Britain and France wrote the U.N. chief last week asking him to investigate three other incidents in which they believe the government used chemical agents.

While not directly saying those incidents would be investigated, he asked those two governments to provide more information and said he would remain “mindful of other allegations”.

Russian Ambassador Vitaly Churkin dismissed the Western allegations Monday, saying that many political goals are being pursued in Syria.

“We see that letter [from Britain and France] as nothing else as an effort at diversion, in order to delay and possibly derail an investigation of the March 19 incident. We believe that the allegation which was made by the Syrian government is the only credible allegation of the use of chemical weapons in the course of the crisis,” Churkin said.

Churkin also said that his government wanted the United Nations to include Russian experts in their chemical weapons investigation, but had been rebuffed by the Secretariat.

Moscow has remained very close to the government in Damascus throughout the two-year-long crisis.

You May Like

Missouri Town Braces for Possible Racial Unrest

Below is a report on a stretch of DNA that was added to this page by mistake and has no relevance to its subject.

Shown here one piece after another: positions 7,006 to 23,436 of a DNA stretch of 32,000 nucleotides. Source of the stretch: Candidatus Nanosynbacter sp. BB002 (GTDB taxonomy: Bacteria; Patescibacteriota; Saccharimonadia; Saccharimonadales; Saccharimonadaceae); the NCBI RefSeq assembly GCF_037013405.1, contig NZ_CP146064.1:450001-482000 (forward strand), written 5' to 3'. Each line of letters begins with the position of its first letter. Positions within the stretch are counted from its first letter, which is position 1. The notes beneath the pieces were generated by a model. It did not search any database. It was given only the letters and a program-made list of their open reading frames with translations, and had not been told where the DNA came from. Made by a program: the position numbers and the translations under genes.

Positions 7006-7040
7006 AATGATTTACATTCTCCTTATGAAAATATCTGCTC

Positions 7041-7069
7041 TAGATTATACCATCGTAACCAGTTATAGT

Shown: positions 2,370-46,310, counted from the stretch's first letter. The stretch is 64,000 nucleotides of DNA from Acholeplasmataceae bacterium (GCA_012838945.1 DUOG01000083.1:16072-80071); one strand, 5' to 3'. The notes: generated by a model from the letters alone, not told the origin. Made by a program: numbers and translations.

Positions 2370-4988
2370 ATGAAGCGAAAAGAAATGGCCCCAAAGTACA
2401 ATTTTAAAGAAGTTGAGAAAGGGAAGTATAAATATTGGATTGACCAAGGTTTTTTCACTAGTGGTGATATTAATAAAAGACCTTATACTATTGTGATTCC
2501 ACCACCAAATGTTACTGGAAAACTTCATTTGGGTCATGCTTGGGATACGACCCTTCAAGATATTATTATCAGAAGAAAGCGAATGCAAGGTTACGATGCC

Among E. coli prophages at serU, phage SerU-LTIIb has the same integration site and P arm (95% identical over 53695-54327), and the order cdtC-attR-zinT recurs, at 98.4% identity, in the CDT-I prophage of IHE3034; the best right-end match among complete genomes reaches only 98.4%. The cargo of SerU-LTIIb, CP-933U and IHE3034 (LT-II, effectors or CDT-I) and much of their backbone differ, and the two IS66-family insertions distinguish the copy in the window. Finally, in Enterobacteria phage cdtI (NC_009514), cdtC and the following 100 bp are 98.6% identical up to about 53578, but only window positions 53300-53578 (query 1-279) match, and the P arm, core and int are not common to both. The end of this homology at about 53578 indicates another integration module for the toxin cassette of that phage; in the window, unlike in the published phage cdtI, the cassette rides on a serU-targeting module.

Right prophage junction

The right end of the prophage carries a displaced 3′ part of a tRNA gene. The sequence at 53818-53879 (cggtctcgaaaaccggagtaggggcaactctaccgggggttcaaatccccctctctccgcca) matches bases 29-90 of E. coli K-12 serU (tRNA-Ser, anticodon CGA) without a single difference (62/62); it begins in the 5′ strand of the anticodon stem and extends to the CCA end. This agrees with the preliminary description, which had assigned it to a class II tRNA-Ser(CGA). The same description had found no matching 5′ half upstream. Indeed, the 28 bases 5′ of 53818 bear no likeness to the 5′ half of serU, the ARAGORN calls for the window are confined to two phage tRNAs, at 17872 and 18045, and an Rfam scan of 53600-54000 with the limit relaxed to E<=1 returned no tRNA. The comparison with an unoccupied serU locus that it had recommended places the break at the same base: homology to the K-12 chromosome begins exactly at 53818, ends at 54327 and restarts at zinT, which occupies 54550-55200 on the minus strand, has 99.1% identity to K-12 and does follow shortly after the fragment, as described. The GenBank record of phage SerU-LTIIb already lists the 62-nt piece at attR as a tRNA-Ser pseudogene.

Situation in Ferguson hinges on whether white police officer will be indicted for August shooting death of unarmed black teen; decision could come Monday More

Video Ukraine Marks Anniversary of 1930s Deadly Famine

President Poroshenko compares Soviet-era ‘genocide’ to current tactics of pro-Russia rebels in Ukraine's east More

S. Philippines Convictions Elusive 5 Years After Election-related Killings

Officials vowed to deliver justice as the nation marked the anniversary of the country's worst political massacre that left 58 dead, more than half media More

This forum has been closed.
Comments
     
There are no comments in this forum. Be first and add one

Featured Videos

Your JavaScript is turned off or you have an old version of Adobe's Flash Player. Get the latest Flash player.
New Skateboard Defies Gravityi
X
November 21, 2014 5:07 AM
A futuristic dream only a couple of decades ago, the hoverboard – a skateboard that floats above the ground - has finally been made possible. While still not ready for mass production, it promises to become a cool mode of transport... at least over some surfaces. VOA’s George Putic reports.
Video

Video New Skateboard Defies Gravity